Numbers show industrial production likely to expand, spurring more hiring
WASHINGTON – An unexpectedly strong report on manufacturing activity Monday bolstered confidence that the nation’s factories will help sustain an economic recovery.
The report helped boost stock markets on the first trading day of the year. The Dow Jones industrial average surged 156 points, or 1.5 percent.
The report by a private trade group signals that industrial production is likely to keep expanding in coming months, economists said. That could lead, in turn, to increased hiring and job creation.
The Institute for Supply Management, a trade group of purchasing executives, said its manufacturing index read 55.9 in December after 53.6 in November. A reading above 50 indicates growth.
It was the fifth straight month of expansion and the highest reading for the index since April 2006. Analysts polled by Thomson Reuters had expected a reading of 54.3.
But a separate report on construction spending sounded a more cautionary note. Construction activity fell in November for a seventh straight month as spending on both residential and commercial projects declined. The 0.6 percent drop was bigger than the 0.4 percent decline that economists had been expecting.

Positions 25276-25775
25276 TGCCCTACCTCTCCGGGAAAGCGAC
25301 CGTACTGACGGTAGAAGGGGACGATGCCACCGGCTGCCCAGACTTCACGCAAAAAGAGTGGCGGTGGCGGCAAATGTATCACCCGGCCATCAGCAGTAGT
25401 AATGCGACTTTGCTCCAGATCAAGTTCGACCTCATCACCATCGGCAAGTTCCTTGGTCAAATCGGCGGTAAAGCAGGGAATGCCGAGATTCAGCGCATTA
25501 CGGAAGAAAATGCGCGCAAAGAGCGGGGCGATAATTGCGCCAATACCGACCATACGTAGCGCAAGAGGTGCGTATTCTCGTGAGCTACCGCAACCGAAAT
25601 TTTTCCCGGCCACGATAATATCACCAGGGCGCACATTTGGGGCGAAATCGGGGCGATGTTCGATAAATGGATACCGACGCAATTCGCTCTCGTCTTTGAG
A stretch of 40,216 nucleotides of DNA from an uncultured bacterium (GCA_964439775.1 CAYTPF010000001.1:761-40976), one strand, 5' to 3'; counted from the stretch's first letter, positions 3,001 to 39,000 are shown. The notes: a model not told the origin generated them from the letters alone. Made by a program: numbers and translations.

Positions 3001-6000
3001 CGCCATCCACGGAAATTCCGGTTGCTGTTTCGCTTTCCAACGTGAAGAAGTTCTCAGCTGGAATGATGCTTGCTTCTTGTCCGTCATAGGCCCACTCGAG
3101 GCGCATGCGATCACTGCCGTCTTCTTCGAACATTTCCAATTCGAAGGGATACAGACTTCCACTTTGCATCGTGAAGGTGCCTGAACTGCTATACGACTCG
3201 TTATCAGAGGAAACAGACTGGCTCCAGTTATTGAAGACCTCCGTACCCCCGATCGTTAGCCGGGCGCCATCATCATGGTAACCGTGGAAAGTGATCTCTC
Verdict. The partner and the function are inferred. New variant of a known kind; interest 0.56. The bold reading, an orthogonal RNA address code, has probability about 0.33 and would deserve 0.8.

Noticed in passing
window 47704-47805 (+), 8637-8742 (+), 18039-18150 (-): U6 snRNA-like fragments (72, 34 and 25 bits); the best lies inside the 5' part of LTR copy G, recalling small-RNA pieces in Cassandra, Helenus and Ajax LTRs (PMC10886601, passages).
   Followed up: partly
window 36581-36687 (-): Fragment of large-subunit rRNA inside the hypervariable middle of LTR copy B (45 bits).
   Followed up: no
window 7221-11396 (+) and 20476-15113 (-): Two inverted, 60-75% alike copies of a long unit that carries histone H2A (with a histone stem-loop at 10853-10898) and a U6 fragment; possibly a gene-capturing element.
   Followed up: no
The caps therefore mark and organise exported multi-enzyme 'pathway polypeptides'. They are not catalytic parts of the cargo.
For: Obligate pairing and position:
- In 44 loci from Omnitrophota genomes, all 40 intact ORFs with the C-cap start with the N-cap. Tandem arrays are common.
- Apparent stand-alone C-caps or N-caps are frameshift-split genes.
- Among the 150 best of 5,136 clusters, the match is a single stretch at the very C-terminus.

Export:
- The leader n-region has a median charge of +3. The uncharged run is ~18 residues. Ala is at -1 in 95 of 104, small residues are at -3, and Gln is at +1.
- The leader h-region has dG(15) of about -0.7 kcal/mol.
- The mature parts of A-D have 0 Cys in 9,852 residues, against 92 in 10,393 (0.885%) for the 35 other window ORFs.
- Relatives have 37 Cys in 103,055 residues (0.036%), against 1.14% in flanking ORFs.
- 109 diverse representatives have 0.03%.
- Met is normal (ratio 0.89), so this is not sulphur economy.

Increased spending on federal construction projects, likely fueled by stimulus spending, was largely canceled out by lower state and local construction spending.
Still, the ISM said its index of new orders, a signal of future production, jumped last month to 65.5 from 60.3 in November, the highest level in five years. That indicates the overall index should keep climbing and could near 60 in coming months, economists said.
The index’s peak in the last decade was 61.4 in May 2004. It bottomed at 32.9 in the midst of the recession in December 2008.
“Overall, this was a very strong report, and it suggests that the recovery in the U.S. manufacturing sector is gaining further traction,” Millan Mulraine, an economist at TD Securities, wrote in a note to clients.
The ISM survey showed that inventories held by manufacturers’ customers are still declining and are at their lowest level since the survey began tracking the category in January 1997. That’s another sign of future gains because more sales will have to be filled through new production rather than existing stockpiles.
That could lead to increased hiring as manufacturers ramp up production. And a turnaround in employment could boost incomes and increase consumer spending, fueling the recovery.
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